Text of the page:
Tortious Interference with Contract
Main Events claims that Haymon, Golden Boy, Stevenson and Showtime based upon the set of events, claims it had a deal for Stevenson-Kovalev, but the defendants interfered with that contract.
Interference with Prospective Economic Advantage
Premised upon the alleged agreement for a fight between Stevenson-Kovalev, Main Events contends that Haymon, Golden Boy, Stevenson and Showtime interfered with an existing contract for the fight and that there was “a reasonable expectation that plaintiff [Main Events] would have economically benefitted from the business relationship.” Essentially, Main Events claims that it would have benefited (and it would have) from the fight between their fighter and Stevenson. But there was interference which caused Stevenson to back out of the agreement.
This is another example of the competitive nature between HBO-Showtime and Top Rank-Golden Boy. Actually, here its Main Events. Since the lawsuit was filed, Schaefer has left Golden Boy and the move may impact this lawsuit as it relates to the accusations between the companies. The latest has a Summons issued to Schaefer in Laguna Beach, California. A pretrial conference that was to occur last week has been pushed to July 11th.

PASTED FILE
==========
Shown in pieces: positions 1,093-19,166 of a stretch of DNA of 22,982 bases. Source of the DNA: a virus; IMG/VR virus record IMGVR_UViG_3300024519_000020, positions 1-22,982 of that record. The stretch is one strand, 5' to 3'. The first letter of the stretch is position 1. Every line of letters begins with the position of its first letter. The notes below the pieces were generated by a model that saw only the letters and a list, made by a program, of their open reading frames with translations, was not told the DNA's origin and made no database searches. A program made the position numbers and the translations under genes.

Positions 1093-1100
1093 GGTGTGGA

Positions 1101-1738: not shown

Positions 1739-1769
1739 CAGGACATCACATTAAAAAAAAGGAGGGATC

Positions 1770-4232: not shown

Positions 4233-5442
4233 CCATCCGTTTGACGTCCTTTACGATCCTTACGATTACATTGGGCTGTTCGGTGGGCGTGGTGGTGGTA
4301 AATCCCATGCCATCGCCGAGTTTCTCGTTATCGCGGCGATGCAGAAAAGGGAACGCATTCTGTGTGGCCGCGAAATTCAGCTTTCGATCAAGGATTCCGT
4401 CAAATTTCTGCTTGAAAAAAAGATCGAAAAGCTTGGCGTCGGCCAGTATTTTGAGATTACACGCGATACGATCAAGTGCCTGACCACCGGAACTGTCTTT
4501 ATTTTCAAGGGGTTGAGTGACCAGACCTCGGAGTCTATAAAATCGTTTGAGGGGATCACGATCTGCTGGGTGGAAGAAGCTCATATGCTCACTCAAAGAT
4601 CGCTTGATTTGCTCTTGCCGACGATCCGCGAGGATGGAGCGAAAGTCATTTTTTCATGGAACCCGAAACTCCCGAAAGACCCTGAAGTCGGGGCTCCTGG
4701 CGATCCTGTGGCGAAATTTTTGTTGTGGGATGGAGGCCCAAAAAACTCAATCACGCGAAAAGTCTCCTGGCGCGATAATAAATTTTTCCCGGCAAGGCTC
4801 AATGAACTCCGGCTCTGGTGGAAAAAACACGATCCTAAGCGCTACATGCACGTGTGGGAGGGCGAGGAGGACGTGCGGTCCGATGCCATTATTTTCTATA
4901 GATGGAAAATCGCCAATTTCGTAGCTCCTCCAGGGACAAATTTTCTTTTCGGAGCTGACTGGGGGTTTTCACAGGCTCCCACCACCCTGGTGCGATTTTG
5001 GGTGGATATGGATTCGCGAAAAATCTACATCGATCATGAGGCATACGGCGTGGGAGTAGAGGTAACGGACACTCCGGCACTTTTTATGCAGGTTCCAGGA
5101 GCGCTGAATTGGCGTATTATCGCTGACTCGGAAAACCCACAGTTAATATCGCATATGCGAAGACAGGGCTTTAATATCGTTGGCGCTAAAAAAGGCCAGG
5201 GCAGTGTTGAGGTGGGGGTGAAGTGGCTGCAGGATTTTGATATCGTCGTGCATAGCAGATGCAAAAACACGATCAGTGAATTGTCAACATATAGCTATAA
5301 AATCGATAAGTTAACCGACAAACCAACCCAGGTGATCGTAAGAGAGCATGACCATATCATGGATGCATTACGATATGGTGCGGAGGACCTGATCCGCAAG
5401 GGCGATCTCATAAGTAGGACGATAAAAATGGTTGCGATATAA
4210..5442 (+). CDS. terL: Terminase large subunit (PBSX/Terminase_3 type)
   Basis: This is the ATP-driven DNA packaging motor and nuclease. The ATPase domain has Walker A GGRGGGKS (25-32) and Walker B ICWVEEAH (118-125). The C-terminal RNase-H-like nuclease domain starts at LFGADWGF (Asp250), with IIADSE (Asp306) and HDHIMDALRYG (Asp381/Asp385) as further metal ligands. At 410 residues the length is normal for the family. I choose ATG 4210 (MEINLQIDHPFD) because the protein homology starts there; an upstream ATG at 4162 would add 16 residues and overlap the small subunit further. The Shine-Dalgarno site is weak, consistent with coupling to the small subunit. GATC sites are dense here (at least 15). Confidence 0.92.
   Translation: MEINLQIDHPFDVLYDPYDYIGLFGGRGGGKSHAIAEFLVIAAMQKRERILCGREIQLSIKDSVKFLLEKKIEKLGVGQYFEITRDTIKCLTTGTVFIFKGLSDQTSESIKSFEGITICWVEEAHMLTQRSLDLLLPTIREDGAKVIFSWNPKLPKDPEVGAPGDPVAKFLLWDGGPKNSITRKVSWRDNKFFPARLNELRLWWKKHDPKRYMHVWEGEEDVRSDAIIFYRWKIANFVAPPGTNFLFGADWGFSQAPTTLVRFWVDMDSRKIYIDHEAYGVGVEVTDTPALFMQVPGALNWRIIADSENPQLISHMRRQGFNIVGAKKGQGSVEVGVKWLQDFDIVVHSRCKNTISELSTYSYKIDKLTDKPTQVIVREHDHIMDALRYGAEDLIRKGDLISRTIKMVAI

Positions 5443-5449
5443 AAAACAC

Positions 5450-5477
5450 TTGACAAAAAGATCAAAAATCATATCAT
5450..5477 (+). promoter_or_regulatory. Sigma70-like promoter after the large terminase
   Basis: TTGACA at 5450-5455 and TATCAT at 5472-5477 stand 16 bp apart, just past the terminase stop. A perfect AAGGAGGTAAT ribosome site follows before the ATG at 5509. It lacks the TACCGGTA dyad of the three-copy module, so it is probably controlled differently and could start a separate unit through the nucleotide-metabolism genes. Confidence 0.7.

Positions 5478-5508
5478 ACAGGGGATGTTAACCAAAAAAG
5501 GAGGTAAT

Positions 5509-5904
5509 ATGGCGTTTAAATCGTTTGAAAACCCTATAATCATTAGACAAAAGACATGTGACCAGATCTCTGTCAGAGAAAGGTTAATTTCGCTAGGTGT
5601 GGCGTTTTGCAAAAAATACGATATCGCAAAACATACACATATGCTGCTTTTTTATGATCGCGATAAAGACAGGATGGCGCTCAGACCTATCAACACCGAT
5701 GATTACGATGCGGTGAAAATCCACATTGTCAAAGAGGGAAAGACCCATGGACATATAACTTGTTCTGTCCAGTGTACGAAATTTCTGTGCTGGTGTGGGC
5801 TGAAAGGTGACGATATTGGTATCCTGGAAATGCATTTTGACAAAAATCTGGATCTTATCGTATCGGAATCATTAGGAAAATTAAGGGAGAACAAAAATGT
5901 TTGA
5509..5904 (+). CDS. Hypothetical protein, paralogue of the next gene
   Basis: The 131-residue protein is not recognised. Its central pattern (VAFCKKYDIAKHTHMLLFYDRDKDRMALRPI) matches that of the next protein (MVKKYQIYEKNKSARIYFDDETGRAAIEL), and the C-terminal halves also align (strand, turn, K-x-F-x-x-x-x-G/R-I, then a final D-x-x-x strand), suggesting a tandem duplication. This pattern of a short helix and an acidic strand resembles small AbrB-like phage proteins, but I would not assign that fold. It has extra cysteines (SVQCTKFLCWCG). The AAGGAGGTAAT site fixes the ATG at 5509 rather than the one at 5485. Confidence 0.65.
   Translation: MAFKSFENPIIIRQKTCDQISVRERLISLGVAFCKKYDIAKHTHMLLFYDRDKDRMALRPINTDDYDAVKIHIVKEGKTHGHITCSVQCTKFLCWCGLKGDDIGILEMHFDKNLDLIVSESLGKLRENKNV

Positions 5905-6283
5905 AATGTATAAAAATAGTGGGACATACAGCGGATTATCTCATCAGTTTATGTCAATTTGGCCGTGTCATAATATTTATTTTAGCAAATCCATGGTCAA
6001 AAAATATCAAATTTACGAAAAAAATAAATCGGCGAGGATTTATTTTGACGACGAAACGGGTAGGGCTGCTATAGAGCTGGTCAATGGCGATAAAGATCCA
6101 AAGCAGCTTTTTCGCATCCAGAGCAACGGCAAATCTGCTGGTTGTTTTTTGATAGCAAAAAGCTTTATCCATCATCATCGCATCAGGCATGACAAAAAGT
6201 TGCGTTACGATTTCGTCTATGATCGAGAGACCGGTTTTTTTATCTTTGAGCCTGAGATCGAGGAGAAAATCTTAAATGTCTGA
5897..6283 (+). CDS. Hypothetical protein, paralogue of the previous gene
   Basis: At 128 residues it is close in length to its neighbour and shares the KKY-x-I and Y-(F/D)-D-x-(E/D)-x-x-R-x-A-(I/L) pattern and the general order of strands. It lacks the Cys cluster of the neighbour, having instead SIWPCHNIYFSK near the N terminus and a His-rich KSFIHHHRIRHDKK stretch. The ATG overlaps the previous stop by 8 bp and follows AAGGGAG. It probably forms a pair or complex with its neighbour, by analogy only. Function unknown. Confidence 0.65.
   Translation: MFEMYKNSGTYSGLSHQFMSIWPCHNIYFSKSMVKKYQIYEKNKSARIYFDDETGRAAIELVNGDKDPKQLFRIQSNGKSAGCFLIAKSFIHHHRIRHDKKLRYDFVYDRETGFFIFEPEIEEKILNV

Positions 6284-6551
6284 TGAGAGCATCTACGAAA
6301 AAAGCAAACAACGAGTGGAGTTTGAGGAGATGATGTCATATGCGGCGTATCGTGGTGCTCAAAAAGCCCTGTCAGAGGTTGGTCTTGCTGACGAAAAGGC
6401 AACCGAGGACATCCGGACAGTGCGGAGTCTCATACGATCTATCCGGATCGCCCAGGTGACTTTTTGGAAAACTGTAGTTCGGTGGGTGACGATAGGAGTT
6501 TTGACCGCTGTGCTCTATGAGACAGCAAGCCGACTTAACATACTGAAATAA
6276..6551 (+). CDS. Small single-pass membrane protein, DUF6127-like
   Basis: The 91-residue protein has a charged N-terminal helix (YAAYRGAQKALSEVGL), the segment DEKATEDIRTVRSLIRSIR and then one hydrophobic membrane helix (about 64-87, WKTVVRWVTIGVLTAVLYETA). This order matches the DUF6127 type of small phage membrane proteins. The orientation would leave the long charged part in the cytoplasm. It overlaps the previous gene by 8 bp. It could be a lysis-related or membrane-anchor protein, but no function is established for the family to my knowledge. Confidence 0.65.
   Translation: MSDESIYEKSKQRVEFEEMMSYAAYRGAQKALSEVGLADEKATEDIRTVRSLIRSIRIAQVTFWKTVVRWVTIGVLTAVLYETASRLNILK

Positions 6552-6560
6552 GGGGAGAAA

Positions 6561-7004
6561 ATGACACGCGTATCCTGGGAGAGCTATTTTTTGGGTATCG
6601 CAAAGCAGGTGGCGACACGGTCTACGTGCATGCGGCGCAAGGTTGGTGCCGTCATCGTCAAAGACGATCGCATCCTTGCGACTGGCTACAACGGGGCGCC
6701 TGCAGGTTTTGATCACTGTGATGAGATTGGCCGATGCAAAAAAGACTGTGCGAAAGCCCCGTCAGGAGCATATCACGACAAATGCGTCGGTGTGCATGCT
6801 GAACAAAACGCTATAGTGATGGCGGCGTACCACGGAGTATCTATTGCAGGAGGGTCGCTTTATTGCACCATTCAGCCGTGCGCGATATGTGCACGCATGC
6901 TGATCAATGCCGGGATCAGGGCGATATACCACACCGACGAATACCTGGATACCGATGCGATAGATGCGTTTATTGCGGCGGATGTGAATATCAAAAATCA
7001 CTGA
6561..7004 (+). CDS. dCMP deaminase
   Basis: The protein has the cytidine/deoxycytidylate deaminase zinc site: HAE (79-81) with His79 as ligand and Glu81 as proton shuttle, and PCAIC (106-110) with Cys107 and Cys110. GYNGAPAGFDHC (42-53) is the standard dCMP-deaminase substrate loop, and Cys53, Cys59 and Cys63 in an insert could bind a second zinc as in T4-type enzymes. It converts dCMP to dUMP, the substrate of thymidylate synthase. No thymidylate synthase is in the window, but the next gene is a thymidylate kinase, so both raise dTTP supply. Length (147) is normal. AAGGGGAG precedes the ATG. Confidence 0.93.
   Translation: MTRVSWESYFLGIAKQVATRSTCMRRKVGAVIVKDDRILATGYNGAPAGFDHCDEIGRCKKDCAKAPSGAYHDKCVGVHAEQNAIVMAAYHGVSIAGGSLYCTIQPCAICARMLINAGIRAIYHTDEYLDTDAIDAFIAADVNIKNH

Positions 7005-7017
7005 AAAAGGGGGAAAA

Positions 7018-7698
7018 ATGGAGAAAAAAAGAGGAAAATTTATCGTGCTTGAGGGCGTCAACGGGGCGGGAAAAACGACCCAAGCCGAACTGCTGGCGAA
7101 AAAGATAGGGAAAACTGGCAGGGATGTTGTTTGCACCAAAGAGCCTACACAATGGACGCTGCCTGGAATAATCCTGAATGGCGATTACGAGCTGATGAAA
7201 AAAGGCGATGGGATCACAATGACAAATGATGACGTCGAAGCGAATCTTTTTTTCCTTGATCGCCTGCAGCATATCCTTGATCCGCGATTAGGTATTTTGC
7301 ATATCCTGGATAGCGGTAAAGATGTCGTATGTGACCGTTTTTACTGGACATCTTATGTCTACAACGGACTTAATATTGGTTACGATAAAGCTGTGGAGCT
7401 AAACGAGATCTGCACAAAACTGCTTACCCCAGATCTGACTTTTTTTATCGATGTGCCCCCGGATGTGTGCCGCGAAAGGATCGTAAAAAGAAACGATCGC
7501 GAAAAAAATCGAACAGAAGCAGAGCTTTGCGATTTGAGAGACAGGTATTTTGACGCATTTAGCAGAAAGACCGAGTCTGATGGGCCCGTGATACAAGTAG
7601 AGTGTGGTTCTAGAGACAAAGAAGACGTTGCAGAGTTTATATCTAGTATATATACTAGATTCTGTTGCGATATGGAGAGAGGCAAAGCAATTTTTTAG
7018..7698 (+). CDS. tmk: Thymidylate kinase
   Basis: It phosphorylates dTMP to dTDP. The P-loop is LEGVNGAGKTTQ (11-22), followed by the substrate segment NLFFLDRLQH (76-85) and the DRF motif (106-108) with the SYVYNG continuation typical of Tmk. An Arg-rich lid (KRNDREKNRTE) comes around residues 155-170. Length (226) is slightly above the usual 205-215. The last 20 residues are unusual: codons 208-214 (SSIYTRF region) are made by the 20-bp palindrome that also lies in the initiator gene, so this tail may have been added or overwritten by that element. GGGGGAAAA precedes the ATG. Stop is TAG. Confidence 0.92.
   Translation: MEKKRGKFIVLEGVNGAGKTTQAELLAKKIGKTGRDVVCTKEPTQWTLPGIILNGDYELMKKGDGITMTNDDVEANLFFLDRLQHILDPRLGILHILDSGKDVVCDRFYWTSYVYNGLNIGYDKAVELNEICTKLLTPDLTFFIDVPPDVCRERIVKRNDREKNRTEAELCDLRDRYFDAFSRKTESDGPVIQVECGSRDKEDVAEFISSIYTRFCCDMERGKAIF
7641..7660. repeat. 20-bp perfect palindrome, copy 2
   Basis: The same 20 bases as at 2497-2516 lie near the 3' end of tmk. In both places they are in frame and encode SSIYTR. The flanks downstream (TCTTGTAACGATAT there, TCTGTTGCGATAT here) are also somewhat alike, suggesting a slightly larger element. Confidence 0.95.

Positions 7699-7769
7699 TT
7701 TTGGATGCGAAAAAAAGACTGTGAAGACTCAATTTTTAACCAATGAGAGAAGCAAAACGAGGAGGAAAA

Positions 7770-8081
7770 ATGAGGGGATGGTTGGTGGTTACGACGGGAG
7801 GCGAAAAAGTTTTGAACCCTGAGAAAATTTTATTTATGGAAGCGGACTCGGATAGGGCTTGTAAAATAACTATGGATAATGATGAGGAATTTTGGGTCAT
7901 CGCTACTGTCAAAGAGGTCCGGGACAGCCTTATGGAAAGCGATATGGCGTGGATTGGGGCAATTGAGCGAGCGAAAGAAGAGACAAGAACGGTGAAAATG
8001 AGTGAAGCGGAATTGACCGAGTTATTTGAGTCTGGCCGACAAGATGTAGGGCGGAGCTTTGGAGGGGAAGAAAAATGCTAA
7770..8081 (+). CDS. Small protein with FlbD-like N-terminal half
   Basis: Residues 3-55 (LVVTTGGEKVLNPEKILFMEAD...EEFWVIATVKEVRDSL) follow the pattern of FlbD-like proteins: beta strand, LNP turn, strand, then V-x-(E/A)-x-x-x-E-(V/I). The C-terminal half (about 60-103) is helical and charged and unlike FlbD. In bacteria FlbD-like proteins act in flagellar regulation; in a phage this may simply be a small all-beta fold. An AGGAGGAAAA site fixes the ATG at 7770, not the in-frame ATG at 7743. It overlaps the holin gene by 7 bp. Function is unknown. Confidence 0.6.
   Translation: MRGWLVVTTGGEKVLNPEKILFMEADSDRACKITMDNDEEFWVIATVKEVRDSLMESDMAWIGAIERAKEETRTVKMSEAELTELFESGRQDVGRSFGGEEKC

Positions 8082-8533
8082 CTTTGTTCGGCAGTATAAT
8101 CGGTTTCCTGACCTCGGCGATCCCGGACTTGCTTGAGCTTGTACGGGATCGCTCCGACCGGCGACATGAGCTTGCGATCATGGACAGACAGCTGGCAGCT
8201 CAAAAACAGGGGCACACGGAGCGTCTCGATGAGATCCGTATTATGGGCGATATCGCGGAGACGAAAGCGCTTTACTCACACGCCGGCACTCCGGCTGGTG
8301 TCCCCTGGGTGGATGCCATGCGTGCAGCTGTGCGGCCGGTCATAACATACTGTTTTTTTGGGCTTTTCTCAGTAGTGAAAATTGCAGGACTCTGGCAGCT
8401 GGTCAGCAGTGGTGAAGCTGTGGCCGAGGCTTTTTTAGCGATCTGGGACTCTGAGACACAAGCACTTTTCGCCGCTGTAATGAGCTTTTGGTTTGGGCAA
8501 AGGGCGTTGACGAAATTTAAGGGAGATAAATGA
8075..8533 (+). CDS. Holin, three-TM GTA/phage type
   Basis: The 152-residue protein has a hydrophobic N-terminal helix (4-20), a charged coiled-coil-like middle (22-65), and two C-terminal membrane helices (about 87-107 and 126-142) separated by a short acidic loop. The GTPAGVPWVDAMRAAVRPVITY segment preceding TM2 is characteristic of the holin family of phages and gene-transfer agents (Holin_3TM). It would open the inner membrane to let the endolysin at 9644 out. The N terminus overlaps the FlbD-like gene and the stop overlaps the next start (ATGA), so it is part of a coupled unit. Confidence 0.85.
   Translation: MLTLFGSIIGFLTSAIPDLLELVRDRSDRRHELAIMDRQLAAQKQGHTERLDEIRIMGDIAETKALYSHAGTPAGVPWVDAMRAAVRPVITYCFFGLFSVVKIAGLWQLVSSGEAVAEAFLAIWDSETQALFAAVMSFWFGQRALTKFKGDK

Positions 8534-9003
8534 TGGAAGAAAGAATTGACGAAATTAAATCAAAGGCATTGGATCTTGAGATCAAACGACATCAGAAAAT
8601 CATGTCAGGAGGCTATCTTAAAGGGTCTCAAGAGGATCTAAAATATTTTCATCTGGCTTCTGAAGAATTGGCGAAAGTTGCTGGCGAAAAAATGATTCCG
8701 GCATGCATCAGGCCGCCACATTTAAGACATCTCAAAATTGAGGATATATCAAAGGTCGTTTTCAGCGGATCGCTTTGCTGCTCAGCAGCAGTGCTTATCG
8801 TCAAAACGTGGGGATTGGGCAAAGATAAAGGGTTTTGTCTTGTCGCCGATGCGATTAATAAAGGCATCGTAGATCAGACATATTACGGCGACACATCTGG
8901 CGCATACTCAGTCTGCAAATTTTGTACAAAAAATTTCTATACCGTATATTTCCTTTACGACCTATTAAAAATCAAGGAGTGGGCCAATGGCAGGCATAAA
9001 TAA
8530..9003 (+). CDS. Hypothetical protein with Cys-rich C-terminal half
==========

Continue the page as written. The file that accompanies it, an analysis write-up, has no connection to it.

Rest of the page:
As for the legal maneuvering, it’s likely that Haymon, et al. will file a motion to dismiss the Complaint premised upon the argument that there was no binding contract between Main Events and GYM, and as such, there was no breach. Premised upon the fact that there was no breach, there would be no fraud by Michael or interference with a contract.
The lawsuit underscores the power of Al Haymon in the boxing industry. It’s clear that he has a powerful stable of fighters and has had working relationships with Showtime. As many know, Haymon advises Floyd Mayweather. Main Events alleges that Haymon acts as manager to his boxer which circumvents the Muhammad Ali Act which attempts to protect fighters. The Complaint does not delve into this violation as it is not a plead cause of action at this point. However, if discovery commences in this lawsuit, we may see allegations of specific violations.
It will be an interesting lawsuit to follow and MMA Payout will keep tabs on it.